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Canterbury Tales: The Knight and The Squire. Their differences can be seen by their motivations for battle, how they conduct themselves on a daily basis, and how they chose to live their lives.

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Introduction

The Most Interesting and Engaging Title Ever used by Man Geoffrey Chaucer's great unfinished work The Canterbury Tales has enraptured audiences for ages. The public loves to hear the tales told by all of these intricly described characters like the knight and the squire. The Knight and the Squire are an example of two characters in The Canterbury Tales who are at their core, very different people who at first glance seem to be very similar. Their differences can be seen by their motivations for battle, how they conduct themselves on a daily basis, and how they chose to live their lives. If one closely examines the text then they will see that the Knight and the Squire both pursued battle for very different reasons. The knight fights for honor, county and religion, "In fifteen mortal battles he had been / And jousted for our faith at Tramissene / Thrice in the lists, and always killed his man."(line 63-65), he is not trying to show off or boast of his skill but simply defend what he believes in. ...read more.

Middle

/ He never yet a boorish thing had said / In all his life to any, come what might; / He was a true, a perfect gentle-knight."(70-74). The squire, on the other hand is the knight's polar opposite, "He was embroidered like a meadow bright / And full of freshest flowers, red and white. / Singing he was, or fluting all the day; / He was as fresh as is the month of May."(91-94) This passage shows how the squire is all about the frill and the fluff and not about any real sort of substance. This is fundamentally different from the knight who is all about modesty and chivalry; he doesn't waste his time chasing after dames, but rather does something meaningful and important with his life. So despite them being father and son, "He [the knight] had his son with him, a fine young Squire," (81) ...read more.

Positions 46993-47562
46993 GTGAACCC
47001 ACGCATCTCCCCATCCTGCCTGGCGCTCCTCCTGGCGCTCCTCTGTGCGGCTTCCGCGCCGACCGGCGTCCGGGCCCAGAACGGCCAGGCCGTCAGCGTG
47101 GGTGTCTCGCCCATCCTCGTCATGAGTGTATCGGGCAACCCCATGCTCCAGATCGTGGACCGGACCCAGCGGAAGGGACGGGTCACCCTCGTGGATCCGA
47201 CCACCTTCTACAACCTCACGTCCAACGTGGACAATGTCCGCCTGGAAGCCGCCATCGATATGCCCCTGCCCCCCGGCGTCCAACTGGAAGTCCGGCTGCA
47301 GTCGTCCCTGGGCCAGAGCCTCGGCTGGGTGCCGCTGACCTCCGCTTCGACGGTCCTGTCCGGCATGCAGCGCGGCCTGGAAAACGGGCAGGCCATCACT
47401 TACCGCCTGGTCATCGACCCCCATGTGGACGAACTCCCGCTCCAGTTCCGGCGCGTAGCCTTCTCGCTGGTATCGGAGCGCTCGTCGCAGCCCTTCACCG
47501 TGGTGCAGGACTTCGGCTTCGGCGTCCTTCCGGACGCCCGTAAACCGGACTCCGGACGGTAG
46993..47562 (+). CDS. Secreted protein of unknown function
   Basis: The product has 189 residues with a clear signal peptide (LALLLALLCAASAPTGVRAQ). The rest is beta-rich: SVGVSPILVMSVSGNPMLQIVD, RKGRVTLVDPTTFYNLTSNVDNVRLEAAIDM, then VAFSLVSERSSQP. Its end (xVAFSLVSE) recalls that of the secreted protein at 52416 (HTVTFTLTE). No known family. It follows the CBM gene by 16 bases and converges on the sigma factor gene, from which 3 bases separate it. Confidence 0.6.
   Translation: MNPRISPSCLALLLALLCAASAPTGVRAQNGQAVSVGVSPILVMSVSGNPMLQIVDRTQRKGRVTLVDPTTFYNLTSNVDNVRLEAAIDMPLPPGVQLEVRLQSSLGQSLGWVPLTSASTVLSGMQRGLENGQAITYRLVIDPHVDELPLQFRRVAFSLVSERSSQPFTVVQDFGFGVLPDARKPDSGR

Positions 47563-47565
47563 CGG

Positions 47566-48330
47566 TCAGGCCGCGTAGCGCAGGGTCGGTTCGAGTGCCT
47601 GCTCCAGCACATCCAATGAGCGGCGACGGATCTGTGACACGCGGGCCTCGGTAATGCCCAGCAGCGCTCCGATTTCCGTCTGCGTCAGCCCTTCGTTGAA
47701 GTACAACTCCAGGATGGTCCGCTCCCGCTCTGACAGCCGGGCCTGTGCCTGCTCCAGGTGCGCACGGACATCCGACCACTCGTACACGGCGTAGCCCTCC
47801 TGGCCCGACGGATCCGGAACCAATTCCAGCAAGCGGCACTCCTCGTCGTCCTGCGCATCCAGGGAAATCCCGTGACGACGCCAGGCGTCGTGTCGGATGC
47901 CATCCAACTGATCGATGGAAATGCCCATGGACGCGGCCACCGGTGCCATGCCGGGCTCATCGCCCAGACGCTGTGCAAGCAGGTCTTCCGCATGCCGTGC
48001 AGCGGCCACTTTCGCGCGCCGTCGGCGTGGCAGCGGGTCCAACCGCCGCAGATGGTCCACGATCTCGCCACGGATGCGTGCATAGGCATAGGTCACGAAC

Conclusion

and Chaucer says that "He loved so hotly that till dawn grew pale / He slept as little as a nightingale."(99-100), the squire has chosen a life of lust and personal pleasure, seeking only his satisfaction. While this may be somewhat selfish he does have a pleasant and enjoyable life. While the knight must enjoy what he is doing it seems that the constant fighting would be very tedious and depressing. So it is quite obvious that the knight and the squire are fundamentally different characters as can be seen by looking at their motivations for battle, their day to day lives, and how they have decided to live their lives. If forced to pick one of the two I would have to say that the Knight was correct for moral reasons, but in the grand scheme of things the squire really had a good peaceful life going for himself that I would pick over fighting and nobility any day. The Canterbury Tales. Geoffrey Chaucer. Trans. Nevill Coghill. The British Tradition. Boston: Prentice Hall, 2007. 98-119. Print. ?? ?? ?? ?? ...read more.

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